|McDonald’s came under fire again a few months back for giving its minimum-wage employees financial advice on how to live more frugally.The company’s McResource Line advised Mickey D workers: “Consider returning some of your unopened purchases that may not seem as appealing as they did.”McDonald’s management suggests that their poorly paid wage slaves “sell some of your unwanted possessions on eBay or Craigslist to bring in some quick cash.”
MD’s underpaid workers are also advised by management to break food into pieces, because that often results in eating less and still feeling full. Now, this story gives me mixed feelings. And here’s why:
On the one hand, while I am sympathetic to the near impossibility of getting by when you earn minimum wage, I am not sure that – as a free market capitalist – I am really in favor of forcing employers to raise the minimum wage they pay.
My favorite essayist, Barbara Ehrenreich, wrote a moving book about working for minimum wage, “Nickel and Dimed.” The liberal media portrays the workers as the victims and the heroes, and the bosses and business owners as greedy thieves.
But here’s an opposing view: through our risk-taking and hard work, we entrepreneurs build businesses that provide our employees and vendors with jobs they need and would otherwise
If you are being paid too little, rather than picket for a raise, why not focus on building your skill set to the point where you add more value to your employer or customer?
If your services then begin to contribute more to the bottom line, they’ll happily pay you to make them more money. To quote Sylvester Stallone talking to his son in Rocky Balboa: “Go out and get what you’re worth.” If you’re not worth that much, acquire the knowledge and skills that will make you worth what you want to be paid.
On the other hand, I applaud McDonald’s for the practical advice they are providing employees to help them manage their household budgets more effectively.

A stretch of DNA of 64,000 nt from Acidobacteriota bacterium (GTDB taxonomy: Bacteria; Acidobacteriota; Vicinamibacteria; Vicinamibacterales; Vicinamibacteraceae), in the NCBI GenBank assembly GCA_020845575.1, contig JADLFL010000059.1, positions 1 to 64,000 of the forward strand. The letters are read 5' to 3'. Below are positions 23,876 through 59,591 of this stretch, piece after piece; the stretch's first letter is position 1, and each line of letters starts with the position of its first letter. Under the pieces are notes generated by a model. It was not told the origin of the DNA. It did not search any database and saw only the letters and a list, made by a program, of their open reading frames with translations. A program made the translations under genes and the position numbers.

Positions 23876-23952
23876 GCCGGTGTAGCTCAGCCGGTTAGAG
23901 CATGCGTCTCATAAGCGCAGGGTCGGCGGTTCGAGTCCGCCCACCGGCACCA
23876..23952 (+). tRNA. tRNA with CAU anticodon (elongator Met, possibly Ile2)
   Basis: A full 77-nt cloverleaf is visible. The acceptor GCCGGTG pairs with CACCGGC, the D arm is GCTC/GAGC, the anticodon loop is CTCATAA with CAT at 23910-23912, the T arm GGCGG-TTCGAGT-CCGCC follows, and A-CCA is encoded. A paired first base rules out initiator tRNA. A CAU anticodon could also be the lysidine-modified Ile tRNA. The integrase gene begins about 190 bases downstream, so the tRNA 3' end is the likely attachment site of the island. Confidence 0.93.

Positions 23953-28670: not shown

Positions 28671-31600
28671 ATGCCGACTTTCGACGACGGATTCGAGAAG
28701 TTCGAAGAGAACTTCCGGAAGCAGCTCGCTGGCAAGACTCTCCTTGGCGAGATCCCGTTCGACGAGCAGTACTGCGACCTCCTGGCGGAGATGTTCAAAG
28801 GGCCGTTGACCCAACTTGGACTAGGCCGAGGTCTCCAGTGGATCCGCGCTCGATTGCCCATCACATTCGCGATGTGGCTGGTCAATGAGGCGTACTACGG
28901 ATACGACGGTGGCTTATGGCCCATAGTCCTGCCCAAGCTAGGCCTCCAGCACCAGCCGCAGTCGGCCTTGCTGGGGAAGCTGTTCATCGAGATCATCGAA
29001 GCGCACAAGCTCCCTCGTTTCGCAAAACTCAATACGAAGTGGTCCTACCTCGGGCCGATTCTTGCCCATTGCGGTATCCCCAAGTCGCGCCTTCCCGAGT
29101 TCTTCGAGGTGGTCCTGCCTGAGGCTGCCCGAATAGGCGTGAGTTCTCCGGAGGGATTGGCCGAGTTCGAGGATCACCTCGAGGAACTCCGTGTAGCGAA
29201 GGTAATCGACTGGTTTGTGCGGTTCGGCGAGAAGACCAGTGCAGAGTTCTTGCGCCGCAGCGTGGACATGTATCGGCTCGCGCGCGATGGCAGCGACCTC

I wholeheartedly agree that consumers at all income levels buy too much crap they don’t need. And when you spend more than you make, as do so many poor and rich people alike, you set yourself up for financial woes. To quote Robocop: “There will be…trouble.”
I grew up in the very poor city of Paterson, NJ. When I was 8, my dad would drive me around town in his 1962 Chevrolet Belair, a collector’s model of which I display on a shelf in my office
to remind me of him. Even though he is gone now for 17 years, I still miss him terribly.
When we drove to the poorest sections, packed with unemployed people lounging on the stoops of decaying multi-family houses in which they rented dingy apartments, dad told me, “Look at what you see.”
And in front of every poor, run-down house was the same car: a big, brand-new Cadillac, polished to a fine gleam.
The best piece of financial advice I ever heard is from Florida freelance writer David Kohn, who on a panel at a writer’s conference, advised the attendees: “Live below your means.”
When you live below your means, you reduce the pressure to make a lot of money, and can live comfortably on what you bring home. You can still own a nice car – in dad’s case, a Chevy instead of a Caddy – and sleep a lot better at night.
I know several very wealthy men. Two that come to mind are Sy Sperling, founder of The Hair Club for Men, and former heavyweight contender Gerry Cooney.
Both men have plenty of money, and both could afford to drive a Rolls Royce, as Sy pointed out to me. (Cooney was paid $8 million for the Holmes fight alone.)
But Sy drives a Lexus, and Gerry drives an Infinity, albeit a larger model to accommodate his 6’7″ frame. And they both seem content and happy with their cars.
I find the trend today of Internet marketers toward ostentatious displays of wealth with the purchase of Rolls Royces and other mega-expensive luxury cars to be unfortunate and a bad lesson for their followers.
Look, these wealthy entrepreneurs are entitled to spend their wealth the way they want to. But you should not follow their lead.
I am not as rich as a lot of these guys, but I am a multi-millionaire … and I drive a 2008 Prius, which I love.
I like the simple advice in the book “The Wealthy Barber,” which says that when you get money, sock away 10% of it. Then you can use whatever is left to pay bills, pay for the kids’s tuition, vacation, own toys, whatever.
P.S. Until recently the only luxury item I ever owned – seriously, no joke — was a Mont Blanc pen, and it turned out to give me more grief than it was worth. The story is in my book of essays, “Count Your Blessings,” published by Thomas Nelson and available on Amazon at: